In the AWS Management Console , choose Services > Security Hub

Select Findings in the left pane.

Select the Add filters field, then select Type .

Select EQUALS , paste TTPs/Defense Evasion/Stealth:IAMUser-CloudTrailLoggingDisabled into the field, then select Apply .

Refresh your browser periodically until the finding is generated.

Figure 8: Monitor Security Hub for your finding

While you wait on that detection, let’s dig into the components of automation.

How the sample automation works

This example incorporates two automated responses: a near real-time workflow and an investigatory workflow. The near real-time workflow provides a rapid response to an individual event, in this case the stopping of a trail. The goal is to restore the trail to a functioning state and alert security responders as quickly as possible. The investigatory workflow still includes a response to provide defense in depth and also uses services that support a more in-depth investigation of the incident.

Figure 9: Sample automation workflow

In the near real-time workflow, Amazon EventBridge monitors for the undesired activity. When a trail is stopped, AWS CloudTrail publishes an event on the EventBridge bus. An EventBridge rule detects the trail-stopping event and invokes a Lambda function to respond to the event by restarting the trail and notifying the security contact via an Amazon Simple Notification Service (SNS) topic.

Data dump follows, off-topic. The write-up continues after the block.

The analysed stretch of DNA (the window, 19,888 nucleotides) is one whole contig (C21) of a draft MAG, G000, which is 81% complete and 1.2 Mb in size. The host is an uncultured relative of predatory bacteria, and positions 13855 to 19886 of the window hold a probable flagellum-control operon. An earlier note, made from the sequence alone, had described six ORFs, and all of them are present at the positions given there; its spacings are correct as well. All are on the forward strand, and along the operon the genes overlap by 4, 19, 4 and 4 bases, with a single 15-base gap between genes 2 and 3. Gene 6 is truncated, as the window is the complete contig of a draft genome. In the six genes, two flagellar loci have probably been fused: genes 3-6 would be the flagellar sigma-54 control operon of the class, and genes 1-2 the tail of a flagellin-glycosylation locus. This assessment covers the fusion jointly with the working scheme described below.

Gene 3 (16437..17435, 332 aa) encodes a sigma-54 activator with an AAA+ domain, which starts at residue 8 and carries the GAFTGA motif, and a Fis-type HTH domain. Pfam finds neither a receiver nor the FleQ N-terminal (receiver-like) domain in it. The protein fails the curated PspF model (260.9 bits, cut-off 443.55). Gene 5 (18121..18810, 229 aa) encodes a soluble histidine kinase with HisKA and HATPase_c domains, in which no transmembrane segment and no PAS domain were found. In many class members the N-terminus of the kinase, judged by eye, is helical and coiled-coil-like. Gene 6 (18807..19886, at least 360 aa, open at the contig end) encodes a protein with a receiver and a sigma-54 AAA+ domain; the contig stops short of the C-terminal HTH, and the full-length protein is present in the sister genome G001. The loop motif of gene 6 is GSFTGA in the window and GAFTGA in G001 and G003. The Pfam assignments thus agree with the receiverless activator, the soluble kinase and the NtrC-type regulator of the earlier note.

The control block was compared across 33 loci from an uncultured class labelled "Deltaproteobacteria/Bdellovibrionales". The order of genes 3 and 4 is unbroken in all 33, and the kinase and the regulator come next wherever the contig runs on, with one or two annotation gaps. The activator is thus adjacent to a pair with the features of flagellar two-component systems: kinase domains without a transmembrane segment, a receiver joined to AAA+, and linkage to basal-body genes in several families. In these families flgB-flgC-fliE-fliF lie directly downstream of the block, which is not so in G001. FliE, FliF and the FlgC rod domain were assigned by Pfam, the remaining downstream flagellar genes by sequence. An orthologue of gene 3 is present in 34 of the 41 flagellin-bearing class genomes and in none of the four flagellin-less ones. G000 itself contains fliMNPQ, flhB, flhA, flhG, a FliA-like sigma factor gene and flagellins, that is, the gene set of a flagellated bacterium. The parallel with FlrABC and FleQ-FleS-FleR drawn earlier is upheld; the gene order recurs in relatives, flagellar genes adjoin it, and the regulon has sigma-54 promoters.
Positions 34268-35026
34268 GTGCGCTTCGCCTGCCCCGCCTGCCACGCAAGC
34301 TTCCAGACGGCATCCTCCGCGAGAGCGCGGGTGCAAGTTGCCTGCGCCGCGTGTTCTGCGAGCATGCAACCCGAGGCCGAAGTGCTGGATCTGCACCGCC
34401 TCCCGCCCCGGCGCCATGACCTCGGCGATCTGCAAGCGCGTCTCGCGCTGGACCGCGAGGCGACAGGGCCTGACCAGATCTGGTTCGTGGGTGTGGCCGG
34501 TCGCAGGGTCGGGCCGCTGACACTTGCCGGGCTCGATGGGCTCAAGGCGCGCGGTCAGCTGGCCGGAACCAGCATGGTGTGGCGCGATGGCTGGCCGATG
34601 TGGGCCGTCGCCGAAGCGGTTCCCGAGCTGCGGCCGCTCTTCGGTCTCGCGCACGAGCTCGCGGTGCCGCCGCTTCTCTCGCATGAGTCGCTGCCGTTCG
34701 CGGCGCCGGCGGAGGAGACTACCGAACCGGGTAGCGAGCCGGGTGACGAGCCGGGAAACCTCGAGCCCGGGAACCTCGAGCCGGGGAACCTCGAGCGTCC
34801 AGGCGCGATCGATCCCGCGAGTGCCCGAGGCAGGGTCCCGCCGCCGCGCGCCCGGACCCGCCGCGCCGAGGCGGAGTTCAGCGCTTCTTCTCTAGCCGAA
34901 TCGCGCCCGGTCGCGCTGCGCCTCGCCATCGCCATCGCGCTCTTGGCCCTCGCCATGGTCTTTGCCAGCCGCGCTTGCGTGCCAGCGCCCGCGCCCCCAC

In the investigative workflow, CloudTrail logs are monitored for undesired activities. For example, if a trail is stopped, there will be a corresponding log record. GuardDuty detects this activity and retrieves additional data points about the source IP that executed the API call. Two common examples of those additional data points in GuardDuty findings include whether the API call came from an IP address on a threat list, or whether it came from a network not commonly used in your AWS account. An AWS Lambda function responds by restarting the trail and notifying the security contact. Finally, the finding is imported into AWS Security Hub for additional investigation.